Californian case of caste-based discrimination re-awakens the need for specific legislation in the West

28th July 2020

For those who doubt the existence of caste-based discrimination among the South Asian diaspora, a case in America has revealed just how insidious it is.

California regulators have decided to sue Cisco Systems over alleged caste discrimination perpetrated by two Indian-American employees against a third. Whilst US employment law doesn’t include caste discrimination, The Department of Fair Employment and Housing (DFEH) has filed a lawsuit against the tech company, claiming that they did not act on the victim’s report of harassment. Cisco have argued that caste discrimination is not illegal, but perhaps this might encourage a landmark ruling, much like that of Tirkey v. Chandhok in the UK (which was the first piece of case law on caste-based discrimination), to press for changes to the law. At the moment, the DFEH will sue for violations to the Civil Rights Act of 1964 (arguing that Dalits’ darker skin represents colour discrimination) and to the California Fair Employment and Housing Act (which argues that as caste discrimination is primarily a Hindu practice, it is covered under religious discrimination).

The case involves two Cisco supervisors, both ‘so called higher-caste’ Indians. The first supervisor ‘outed’ one of the employees as a Dalit and told colleagues that he attended the Indian Institute of Technology through affirmative action (reservation). When the victim contacted the HR department wanting to file a discrimination complaint, the supervisor, in effect, demoted the claimant. Furthermore, the supervisor went on to disparage this employee to his co-workers and suggested that they avoid him, leaving him isolated. Then, having stepped down from his role, the supervisor’s replacement ‘continued to discriminate, harass and retaliate’ the employee, and gave him assignments that were impossible to complete. Consequently, he was forced to receive less pay and fewer opportunities.

The Californian government have been brave in making this move: it has demonstrated how serious it is about discrimination in the work place, and sends a clear message to the Indian diaspora that caste discrimination can’t be hidden behind religious or ethnic discrimination.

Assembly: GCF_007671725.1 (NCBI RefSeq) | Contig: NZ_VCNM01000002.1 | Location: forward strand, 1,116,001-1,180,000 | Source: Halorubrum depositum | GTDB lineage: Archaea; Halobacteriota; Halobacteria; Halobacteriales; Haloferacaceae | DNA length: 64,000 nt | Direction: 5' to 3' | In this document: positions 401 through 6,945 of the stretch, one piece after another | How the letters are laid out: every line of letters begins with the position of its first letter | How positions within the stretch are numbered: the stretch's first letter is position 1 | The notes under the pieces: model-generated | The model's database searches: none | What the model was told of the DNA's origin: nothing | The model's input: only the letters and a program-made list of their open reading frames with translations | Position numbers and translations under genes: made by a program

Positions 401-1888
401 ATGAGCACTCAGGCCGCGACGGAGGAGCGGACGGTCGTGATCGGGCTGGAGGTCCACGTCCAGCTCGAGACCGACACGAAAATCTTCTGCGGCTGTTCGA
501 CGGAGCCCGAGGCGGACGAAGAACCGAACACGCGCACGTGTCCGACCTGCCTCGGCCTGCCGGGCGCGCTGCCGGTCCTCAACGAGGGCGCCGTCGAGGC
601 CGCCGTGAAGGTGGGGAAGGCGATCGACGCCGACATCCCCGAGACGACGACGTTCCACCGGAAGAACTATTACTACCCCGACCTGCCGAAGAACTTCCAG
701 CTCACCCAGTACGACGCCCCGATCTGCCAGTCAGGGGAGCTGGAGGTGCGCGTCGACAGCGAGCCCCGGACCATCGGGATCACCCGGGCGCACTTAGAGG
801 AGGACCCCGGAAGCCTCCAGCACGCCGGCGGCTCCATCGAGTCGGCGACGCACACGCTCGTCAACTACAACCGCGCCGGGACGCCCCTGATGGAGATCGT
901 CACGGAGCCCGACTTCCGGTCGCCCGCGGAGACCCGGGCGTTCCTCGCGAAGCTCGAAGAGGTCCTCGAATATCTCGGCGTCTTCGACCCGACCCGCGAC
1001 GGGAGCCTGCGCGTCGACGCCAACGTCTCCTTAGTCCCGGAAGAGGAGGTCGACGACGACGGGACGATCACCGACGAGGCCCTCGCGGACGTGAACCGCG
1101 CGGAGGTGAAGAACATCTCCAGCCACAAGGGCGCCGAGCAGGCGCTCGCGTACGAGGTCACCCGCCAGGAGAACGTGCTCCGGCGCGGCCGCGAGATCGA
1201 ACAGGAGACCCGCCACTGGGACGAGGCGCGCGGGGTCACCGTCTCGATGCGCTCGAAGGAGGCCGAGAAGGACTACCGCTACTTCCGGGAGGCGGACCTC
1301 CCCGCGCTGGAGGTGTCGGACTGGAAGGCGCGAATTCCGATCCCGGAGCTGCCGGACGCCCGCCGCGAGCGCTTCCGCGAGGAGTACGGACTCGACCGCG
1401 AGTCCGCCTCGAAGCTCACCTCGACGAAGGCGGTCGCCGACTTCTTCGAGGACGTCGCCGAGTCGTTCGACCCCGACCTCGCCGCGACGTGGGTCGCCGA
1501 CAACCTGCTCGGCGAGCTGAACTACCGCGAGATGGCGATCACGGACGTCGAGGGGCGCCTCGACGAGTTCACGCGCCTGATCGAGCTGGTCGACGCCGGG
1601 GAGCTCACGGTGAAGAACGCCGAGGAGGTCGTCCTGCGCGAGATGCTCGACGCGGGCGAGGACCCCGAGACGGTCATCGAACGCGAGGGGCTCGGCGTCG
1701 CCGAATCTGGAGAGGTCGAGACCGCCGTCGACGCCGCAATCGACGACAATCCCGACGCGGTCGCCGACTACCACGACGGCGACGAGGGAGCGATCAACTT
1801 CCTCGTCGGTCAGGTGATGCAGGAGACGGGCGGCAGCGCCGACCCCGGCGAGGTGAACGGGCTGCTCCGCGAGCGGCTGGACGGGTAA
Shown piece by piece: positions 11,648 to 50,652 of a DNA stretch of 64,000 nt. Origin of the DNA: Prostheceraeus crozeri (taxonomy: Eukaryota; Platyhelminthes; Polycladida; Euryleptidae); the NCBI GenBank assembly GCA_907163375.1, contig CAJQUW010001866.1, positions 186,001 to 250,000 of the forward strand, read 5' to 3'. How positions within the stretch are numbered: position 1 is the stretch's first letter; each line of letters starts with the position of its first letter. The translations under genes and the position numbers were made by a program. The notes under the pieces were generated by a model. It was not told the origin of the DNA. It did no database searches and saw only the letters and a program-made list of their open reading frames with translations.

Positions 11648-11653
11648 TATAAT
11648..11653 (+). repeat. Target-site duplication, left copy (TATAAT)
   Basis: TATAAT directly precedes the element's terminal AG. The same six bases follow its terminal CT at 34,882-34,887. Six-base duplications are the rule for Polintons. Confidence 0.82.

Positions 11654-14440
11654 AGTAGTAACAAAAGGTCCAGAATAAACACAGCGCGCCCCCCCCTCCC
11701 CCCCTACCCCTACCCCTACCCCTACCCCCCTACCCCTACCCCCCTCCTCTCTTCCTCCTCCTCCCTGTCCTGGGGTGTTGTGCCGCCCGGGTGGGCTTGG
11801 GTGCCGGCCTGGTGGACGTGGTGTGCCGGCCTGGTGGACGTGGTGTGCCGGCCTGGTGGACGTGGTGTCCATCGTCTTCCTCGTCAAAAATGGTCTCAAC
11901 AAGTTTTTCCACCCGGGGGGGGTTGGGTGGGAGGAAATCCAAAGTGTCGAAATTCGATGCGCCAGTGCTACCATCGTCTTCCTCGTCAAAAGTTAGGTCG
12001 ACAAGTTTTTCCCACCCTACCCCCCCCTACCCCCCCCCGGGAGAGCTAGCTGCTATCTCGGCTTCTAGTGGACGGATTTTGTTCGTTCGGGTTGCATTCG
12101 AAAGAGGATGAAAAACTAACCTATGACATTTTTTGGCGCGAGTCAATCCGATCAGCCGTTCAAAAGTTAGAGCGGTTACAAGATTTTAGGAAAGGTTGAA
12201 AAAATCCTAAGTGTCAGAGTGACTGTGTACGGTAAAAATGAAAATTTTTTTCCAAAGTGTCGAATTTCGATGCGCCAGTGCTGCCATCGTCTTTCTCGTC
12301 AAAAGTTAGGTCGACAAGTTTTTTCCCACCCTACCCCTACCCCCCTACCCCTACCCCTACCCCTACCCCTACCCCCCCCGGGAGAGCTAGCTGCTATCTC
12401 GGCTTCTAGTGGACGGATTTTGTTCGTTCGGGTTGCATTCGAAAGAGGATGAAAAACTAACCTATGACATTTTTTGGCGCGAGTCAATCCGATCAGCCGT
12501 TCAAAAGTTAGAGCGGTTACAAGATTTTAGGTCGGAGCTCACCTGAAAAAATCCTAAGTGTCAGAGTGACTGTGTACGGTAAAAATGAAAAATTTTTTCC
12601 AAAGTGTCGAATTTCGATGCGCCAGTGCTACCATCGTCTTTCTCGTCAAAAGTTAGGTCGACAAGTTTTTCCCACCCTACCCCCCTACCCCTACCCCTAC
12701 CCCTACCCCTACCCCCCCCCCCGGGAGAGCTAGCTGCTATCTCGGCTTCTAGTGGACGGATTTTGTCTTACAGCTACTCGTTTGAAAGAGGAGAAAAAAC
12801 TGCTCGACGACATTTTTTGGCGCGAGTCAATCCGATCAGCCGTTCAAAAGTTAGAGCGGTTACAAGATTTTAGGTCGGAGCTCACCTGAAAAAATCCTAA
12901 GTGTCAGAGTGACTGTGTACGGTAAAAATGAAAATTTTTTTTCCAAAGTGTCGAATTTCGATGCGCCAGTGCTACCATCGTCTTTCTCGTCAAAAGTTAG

The US-based Ambedkar International Center (AIC) has written to the DFEH, explaining that this case is just ‘a tip of the iceberg’. In India, Dalits make up approximately 16% of the population, but as the AIC state: ‘After surviving through mental and physical agony, less than 2% [of] untouchables rise to level to get an opportunity to come to the US. These 2% [of] migrant Indians are very talented, hardworking and sharp techies, majorly from the top institutions of India.’

However, the press that the Cisco debacle has created has had some positive effects: ‘We have people from 30 companies reaching out and more folks are coming on board as they try to move their companies to address this issue proactively, given how large the scope and the scale of the problem is,’ said Thenmozhi Soundararajan, founder and executive director of Equality Labs in the US. In the absence of legislation at this particular moment in time, perhaps the onus should be on encouraging companies to include caste in their inclusion and diversity policies, so that at least employees are aware of what is considered unacceptable behaviour.

DSN-UK director Meena Varma commented on the case in, stating that ‘In countries like the UK and the US, anti-caste laws are necessary because we cannot change a casteist mindset overnight, but we can we can try and change casteist behaviour … people will have to follow the rule of law. That’s why there needs to be legislative protection in these countries.’

The question is how this case can also encourage change in the UK. Several cases have been brought to the courts, but because of the nature of our legal system, a number have been dropped due to the high costs involved, or because a settlement has been reached before the case could be concluded, or the case has been dismissed because there is no clear legislation on caste-based discrimination and so must be tried using different parameters such as racial discrimination, which do not address the unique issue of caste. If there were a body of successfully tried cases from countries with South Asian diaspora, governments might finally recognise the existence of caste-based discrimination and adopt a more accepting attitude towards making statutory changes. We are unlikely to be fortunate enough to have a local government body that takes action as the State of California has, but it would be a significant win if we did.

Despite legal protection in India against caste discrimination, Dalits still have difficulty in entering the higher echelons of power. Thus emigration to the West is seen as an opportunity to succeed on a level playing field, where caste should, supposedly, be irrelevant. The mindset of superiority from a minority of dominant caste diaspora has no place in the US or the UK, however it appears that only specific legislation against caste-based discrimination will give Dalits the global protection that they need on the scale that they need.